The Ride Of His Life


A new documentary film, Guest of Cindy Sherman, which premiered in theaters at the end of March, provides a behind-the-scenes look at the artist and the 1990s art world, as seen through the eyes of its star and co-producer, former artist and dedicated surfer Paul Hasegawa-Overacker. Centered around his romantic relationship with Sherman, the story begins in 1993 when Paul H-O, as he is familiarly known, got a video camera and launched his public-access TV show “Gallery Beat.” An irreverent and well-informed program, Gallery Beat featured H-O, along with A.i.A. staffers Cathy Lebowitz and Walter Robinson (who is now at Artnet) as they went to openings, chatted with artists, visited studios and humorously tracked all manner of goings-on in the New York art world. Throughout the documentary, such notables as David Ross, Roberta Smith, Jerry Saltz, Judd Tully, Charlie Finch, John Waters and Eric Bogosian, along with assorted friends and family, provide commentary about H-O and his TV show, his relationship with Sherman, and her work.

As H-O says in the film, Gallery Beat launched in the recession of the early ’90s, when “the art world was really friendly because everybody was pretty much broke” and half the galleries were going out of business. Viewers get to revisit the scrappy start, in 1994, of the Gramercy International Art Fair (at the then-downtrodden, now swanky Gramercy Park Hotel), for example, before it morphed into the Armory Show, and watch Tracey Emin and Jay Jopling, relatively unknown at the time, hang around their hotel room. As the film progresses, and the art world begins to overheat with money and celebrity, dealers and artists become less cooperative with the Gallery Beat crew and less tolerant of H-O’s in-your-face antics.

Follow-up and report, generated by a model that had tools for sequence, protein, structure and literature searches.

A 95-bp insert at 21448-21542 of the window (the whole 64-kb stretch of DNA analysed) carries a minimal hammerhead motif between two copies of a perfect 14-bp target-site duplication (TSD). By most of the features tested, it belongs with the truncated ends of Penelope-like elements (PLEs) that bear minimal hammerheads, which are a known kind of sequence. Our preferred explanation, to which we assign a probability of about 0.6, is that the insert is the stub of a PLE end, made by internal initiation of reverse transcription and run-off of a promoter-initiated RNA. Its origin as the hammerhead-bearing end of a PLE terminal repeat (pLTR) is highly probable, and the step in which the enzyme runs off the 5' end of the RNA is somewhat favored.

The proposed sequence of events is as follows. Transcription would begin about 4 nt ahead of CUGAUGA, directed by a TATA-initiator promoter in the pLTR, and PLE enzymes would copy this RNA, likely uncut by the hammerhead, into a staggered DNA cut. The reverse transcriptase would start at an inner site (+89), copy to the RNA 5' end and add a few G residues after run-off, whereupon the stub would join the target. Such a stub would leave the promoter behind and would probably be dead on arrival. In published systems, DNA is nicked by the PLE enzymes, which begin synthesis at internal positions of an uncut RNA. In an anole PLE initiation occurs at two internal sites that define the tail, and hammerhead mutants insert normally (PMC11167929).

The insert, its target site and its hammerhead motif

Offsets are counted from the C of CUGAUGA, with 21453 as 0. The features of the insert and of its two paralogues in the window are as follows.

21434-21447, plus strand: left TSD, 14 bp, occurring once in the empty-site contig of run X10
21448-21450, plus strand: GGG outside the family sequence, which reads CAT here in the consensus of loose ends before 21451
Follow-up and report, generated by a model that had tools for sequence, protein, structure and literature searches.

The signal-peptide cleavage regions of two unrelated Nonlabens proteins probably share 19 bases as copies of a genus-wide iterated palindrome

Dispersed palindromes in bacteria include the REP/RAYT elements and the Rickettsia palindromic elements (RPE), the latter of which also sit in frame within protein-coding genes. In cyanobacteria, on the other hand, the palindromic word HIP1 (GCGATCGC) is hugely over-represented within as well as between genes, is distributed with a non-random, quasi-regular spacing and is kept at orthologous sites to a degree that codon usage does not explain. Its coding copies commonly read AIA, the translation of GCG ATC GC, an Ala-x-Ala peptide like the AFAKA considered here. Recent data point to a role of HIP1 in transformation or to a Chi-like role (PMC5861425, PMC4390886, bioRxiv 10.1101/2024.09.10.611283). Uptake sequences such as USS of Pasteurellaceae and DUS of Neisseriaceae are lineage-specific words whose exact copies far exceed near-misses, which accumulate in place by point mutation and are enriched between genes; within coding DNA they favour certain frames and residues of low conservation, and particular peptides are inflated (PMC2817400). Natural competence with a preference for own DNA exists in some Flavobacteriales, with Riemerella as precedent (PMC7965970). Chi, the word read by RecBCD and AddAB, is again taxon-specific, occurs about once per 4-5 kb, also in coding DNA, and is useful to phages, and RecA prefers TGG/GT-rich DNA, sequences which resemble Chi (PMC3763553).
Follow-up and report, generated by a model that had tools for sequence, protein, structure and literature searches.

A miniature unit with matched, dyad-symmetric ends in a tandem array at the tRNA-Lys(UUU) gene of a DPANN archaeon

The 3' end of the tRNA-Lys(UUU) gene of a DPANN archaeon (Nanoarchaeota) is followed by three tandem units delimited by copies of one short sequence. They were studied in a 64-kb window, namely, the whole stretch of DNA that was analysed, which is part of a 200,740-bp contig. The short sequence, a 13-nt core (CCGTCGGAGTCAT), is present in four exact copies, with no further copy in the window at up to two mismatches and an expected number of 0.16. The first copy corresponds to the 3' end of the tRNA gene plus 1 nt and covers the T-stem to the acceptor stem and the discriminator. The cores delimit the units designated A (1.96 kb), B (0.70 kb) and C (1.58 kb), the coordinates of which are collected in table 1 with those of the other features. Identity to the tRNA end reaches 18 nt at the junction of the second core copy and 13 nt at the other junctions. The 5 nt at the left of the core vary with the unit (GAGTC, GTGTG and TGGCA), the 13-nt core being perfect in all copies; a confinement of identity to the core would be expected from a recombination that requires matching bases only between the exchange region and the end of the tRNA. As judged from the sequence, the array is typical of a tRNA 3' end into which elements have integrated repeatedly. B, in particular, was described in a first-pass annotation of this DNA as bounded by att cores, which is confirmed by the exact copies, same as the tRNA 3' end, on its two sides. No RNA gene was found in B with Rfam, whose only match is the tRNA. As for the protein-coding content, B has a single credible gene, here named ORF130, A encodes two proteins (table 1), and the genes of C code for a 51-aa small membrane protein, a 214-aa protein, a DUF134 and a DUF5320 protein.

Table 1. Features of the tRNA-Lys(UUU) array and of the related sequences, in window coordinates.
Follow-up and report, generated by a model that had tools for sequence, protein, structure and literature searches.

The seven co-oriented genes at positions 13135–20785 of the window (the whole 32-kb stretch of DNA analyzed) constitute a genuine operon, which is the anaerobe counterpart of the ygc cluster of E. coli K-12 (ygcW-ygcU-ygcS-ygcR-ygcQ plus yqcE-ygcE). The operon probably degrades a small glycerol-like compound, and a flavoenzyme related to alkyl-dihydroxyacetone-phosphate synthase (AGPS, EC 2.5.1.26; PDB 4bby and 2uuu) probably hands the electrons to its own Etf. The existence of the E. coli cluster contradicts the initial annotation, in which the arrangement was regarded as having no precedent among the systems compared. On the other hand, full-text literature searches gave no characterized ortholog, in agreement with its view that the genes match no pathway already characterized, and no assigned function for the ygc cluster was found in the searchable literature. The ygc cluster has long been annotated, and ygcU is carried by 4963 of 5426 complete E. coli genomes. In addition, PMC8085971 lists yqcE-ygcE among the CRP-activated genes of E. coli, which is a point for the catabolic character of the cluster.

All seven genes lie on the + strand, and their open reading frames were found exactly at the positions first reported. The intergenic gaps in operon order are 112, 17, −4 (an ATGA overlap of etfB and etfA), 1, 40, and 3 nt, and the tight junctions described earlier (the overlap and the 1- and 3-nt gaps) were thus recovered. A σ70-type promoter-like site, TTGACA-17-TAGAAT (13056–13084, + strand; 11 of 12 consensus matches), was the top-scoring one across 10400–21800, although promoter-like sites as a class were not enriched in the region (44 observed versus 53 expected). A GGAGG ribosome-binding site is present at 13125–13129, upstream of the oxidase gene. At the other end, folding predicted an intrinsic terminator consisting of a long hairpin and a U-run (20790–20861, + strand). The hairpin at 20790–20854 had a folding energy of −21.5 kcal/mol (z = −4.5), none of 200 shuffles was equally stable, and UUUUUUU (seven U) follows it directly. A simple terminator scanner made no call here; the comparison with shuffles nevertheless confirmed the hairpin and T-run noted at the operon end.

Along the way, H-O meets Cindy Sherman. After many months, because she is intrigued by H-O, she accepts his request for an interview. Following a series of flirtatious, squirm-inducing on-camera encounters with the paradoxically camera-shy artist, they begin to date, and H-O eventually moves in with her in 2000. He lives the high life for a while, attending A-list parties and jetting out to L.A. with the art-world elite on Eli Broad’s private jet. Soon enough, however, as his first TV show flounders in 2002 and a new one fails, the film becomes more about H-O’s bruised ego. After five years, as H-O and the relationship begin to crack under the strain of his feelings of inadequacy, he engages in avoidance through surfing. A pivotal moment for H-O was attending a gallery dinner at which, seated several tables away from his girlfriend, his place card read “Guest of Cindy Sherman.”

H-O then does a little soul-searching. He interviews other people on the topic of being a +1, including Eric Fischl and April Gornik, and Elton John’s husband David Furnish. Yet even after he is “downsized” in 2006—we see him inflating an airbed in his humble new digs—his admiration for Sherman never wanes.

Sherman, who had final approval on the film, issued a statement disavowing her role in its making when it screened at the Tribeca Film Festival last summer. She said, in part, “I apologize to all those who participated, thinking they were doing me a favor in giving interviews and otherwise assisting in the fabrication of this film. Against my better judgment, it was clearly unwise to cooperate with the project at its inception.” She needn’t worry. She remains an endearingly enigmatic figure whom H-O never topples from her pedestal. And H-O manages to weave in an intriguing overview of her career, particularly its early days. The film was completed before the current economic crisis, and H-O seems prescient when, lamenting what the art world has become, he says in a voiceover, “something’s gonna happen.” And then he surfs off into the sunset.

[Guest of Cindy Sherman, aFilmlike production co-produced by Tom Donahue, screened at Cinema Village in New York and at the Santa Fe Film Center, Mar. 27-31, and will appear on the Sundance Channel in coming months.]

For more on “Guest of Cindy Sherman,” visit Art in America’s coverage from the premiere party held at Tailor on Tuesday, March 24th.